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How did Vietnam dodge Covid-19?

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HCMC – The recovery of a 43-year-old British pilot, Vietnam’s last Covid-19 patient in intensive care, marks a turning point in the fight against the virus. The 91st Covid-19 patient in the country has spent over 100 days at HCMC Hospital for Tropical Diseases and Cho Ray Hospital. The length of his stay reflects the determination of doctors not to allow him to become Vietnam’s first Covid-19 death. He’ll be headed home on July 12.

The patient, who at one point was given a 10% chance of survival, told the BBC that he was “grateful for the bloody-mindedness of the doctors in not wanting me to die on their watch.”

Vietnam had 355 cases of coronavirus, 335 recoveries, and zero deaths. The country has received much positive press for these results. A YouGov survey shows that public approval of Vietnam’s Covid-19 response is higher than that for any other country in the world. (Taiwan and Malaysia are tied for second place.)

The Government began preparing in early January in response to the first two Covid-19 deaths in Wuhan. The first two Vietnamese cases were admitted to Cho Ray on January 23. At that time, the country was closed for Tet, Vietnam’s most popular holiday. When the holiday ended a week later, the nation’s schools were kept closed to avoid further virus transmission.

One of the more amusing coronavirus stories began when a flight from Daegu that included 20 Korean tourists arrived in Danang on February 24. The flight was sent back the next day, but not before the passengers were quarantined at a local hospital and later at a hotel.

The Koreans complained about the food and treatment they received in a broadcast on the Korean station YTN. Outraged Vietnamese Twitter users responded with #KoreansStopLying. These users had much to say in defense of the banh mi that the Koreans had called “trash.” Many tasty-looking pictures of this sandwich were uploaded.

The Government sent tens of thousands into quarantine camps, especially in the northern provinces where many residents travel to China for work. Covid-19 cases peaked on March 22 when 19 patients tested positive. A 14-day quarantine were imposed on those entering the county. International flights were suspended from March 25.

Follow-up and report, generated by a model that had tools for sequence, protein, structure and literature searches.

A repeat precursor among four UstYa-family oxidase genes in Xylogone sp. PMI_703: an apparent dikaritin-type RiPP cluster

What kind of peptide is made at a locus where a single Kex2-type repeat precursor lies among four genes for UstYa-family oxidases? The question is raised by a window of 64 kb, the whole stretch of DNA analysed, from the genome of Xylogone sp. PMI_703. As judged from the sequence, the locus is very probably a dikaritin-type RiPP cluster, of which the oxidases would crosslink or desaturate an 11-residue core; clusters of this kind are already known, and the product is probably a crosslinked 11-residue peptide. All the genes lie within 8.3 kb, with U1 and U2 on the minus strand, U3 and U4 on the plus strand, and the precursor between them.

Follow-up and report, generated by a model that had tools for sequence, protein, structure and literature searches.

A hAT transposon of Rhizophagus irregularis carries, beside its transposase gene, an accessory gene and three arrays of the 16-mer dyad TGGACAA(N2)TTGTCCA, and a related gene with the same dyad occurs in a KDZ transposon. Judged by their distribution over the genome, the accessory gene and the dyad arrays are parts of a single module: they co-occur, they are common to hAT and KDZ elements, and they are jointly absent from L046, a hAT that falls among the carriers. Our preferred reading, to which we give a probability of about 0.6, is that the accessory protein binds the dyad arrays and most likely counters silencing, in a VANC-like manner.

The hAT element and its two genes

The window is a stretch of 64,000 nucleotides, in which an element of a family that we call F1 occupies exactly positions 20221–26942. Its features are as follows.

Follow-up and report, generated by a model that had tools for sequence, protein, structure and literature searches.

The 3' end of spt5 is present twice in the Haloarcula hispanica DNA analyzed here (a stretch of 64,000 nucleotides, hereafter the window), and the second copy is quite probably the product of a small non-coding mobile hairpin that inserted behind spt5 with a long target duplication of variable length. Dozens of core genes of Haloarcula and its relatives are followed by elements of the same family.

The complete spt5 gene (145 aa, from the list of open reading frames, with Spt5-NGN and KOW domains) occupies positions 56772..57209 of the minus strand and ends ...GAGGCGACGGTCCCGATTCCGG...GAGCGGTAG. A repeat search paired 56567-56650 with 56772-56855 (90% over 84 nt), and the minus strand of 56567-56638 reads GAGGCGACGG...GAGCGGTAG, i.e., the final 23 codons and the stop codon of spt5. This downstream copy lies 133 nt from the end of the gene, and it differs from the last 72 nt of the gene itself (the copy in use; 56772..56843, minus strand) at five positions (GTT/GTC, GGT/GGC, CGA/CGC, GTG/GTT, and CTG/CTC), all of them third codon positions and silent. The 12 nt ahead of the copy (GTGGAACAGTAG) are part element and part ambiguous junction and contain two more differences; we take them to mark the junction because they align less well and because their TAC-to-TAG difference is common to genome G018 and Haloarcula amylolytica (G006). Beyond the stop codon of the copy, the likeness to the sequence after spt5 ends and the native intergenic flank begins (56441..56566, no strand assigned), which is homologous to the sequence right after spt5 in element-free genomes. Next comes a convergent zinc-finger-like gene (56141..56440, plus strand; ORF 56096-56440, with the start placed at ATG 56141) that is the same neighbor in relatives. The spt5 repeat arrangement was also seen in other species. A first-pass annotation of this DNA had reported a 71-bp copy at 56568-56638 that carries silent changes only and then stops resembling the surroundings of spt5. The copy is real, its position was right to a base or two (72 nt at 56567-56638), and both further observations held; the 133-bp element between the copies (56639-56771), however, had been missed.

HCMC ordered bars and restaurants closed on March 24. On April 1, this was expanded into a nationwide lockdown. HCMC, usually filled with the roar of motorcycle engines, fell silent for weeks. Prime Minister Nguyen Xuan Phuc called the coronavirus campaign the “spring general offensive of 2020,” a Vietnam War reference.

On the propaganda front, the Health Ministry was busy. Pop stars Min and Erik taught the country the right way to wash its hands in their music video “Jealous Coronavirus.” The song even got play internationally. Posters were put up to tell Vietnamese to “wear a mask properly to avoid coronavirus.”

For all its intensity, it is not clear how many lives Hanoi’s campaign against the virus might have saved. The states that border Vietnam can boast similar results. Neither Laos nor Cambodia reported any Covid-19 deaths. Yunnan and Guangxi, the Chinese border provinces, had two deaths apiece.

Other factors that help explain why the virus bypassed Vietnam include the country’s median age of just 30, with only 12% of the population over 60.

Coronaviruses are known to be sensitive to heat and to ultraviolet radiation. The level of solar radiation in Vietnam is notoriously high. Hanoi has a March average UV index of 10, compared to 4 for Covid-19 hotspot New York City. In Wuhan, cases peaked in early February when the UV index was 5. From February to October, the sun hammers HCMC daily with an index of 12. An index of 4 is considered “medium,” 10 is “very high,” and 12 is “extreme.”

By international standards, Vietnam’s response to Covid-19 was early and drastic. The opposite end of the spectrum is represented by Sweden, which did not have a lockdown or even close its schools. While there is something to be said for keeping a country’s economy and education system running, Sweden did suffer 5,280 Covid-19 deaths. The question of which approach produces the best result will no doubt be the subject of research and continued public interest.

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